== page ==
How to use service-based costing in budgets

Service-based costing is used when a service center within a business charges its services to other parts of the business. The service charge associated with this activity should be based on at least the direct costs associated with providing services. The charge can also ramp up to a more rounded concept of cost, where an overhead charge and even a profit is added to the service charge. Examples of service centers that might use service-based costing are information technology (IT), janitorial services, and facilities maintenance.

By using service-based costing, "client" departments can decide upon the volume and quality of services that they want to receive, based on the budgeted price. Alternatively, they can decide to look elsewhere to obtain services for a lower price. This has the effect of putting downward pricing pressure on the service department, which must now compete with the prices offered by outside service providers.

When exposed to outside competition, a service center is more likely to re-evaluate its cost structure. For example, an IT service center may be more inclined to switch away from legacy computer systems and toward off-the-shelf software or a cloud-based solution.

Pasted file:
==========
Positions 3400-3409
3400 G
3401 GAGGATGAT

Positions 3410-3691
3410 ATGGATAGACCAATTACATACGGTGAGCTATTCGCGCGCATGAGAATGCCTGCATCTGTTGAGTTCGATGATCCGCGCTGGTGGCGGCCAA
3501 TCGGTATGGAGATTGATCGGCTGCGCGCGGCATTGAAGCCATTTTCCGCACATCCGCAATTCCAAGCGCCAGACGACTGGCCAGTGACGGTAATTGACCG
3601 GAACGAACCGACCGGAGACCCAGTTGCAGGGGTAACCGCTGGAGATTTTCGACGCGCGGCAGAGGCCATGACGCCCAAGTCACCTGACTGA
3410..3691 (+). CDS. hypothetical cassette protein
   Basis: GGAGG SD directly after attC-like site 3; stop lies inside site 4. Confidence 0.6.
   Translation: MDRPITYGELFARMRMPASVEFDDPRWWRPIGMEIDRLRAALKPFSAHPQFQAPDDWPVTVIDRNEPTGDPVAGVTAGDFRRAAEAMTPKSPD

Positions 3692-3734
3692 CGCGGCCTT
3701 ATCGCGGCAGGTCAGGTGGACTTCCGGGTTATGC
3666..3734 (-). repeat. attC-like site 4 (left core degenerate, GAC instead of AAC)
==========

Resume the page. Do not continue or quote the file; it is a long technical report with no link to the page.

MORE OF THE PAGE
In some cases, the manager of a service center may realize that it is impossible to compete with an outside supplier of the same service and even voluntarily agrees to outsource the department. A more likely circumstance is that the manager will constantly compare internal to external costs to ensure that his or her department remains competitive. Another possible outcome of service-based costing is that a service center provides its services outside of the company, to third parties.

A caution when using service-based costing is that an outside provider might lower its prices sufficiently to cause an internal service department to be disbanded, after which the provider raises its prices when there is no longer any internal competition.

This approach will create more work for the accounting department, which must enter into the accounting system all costs being billed between departments.

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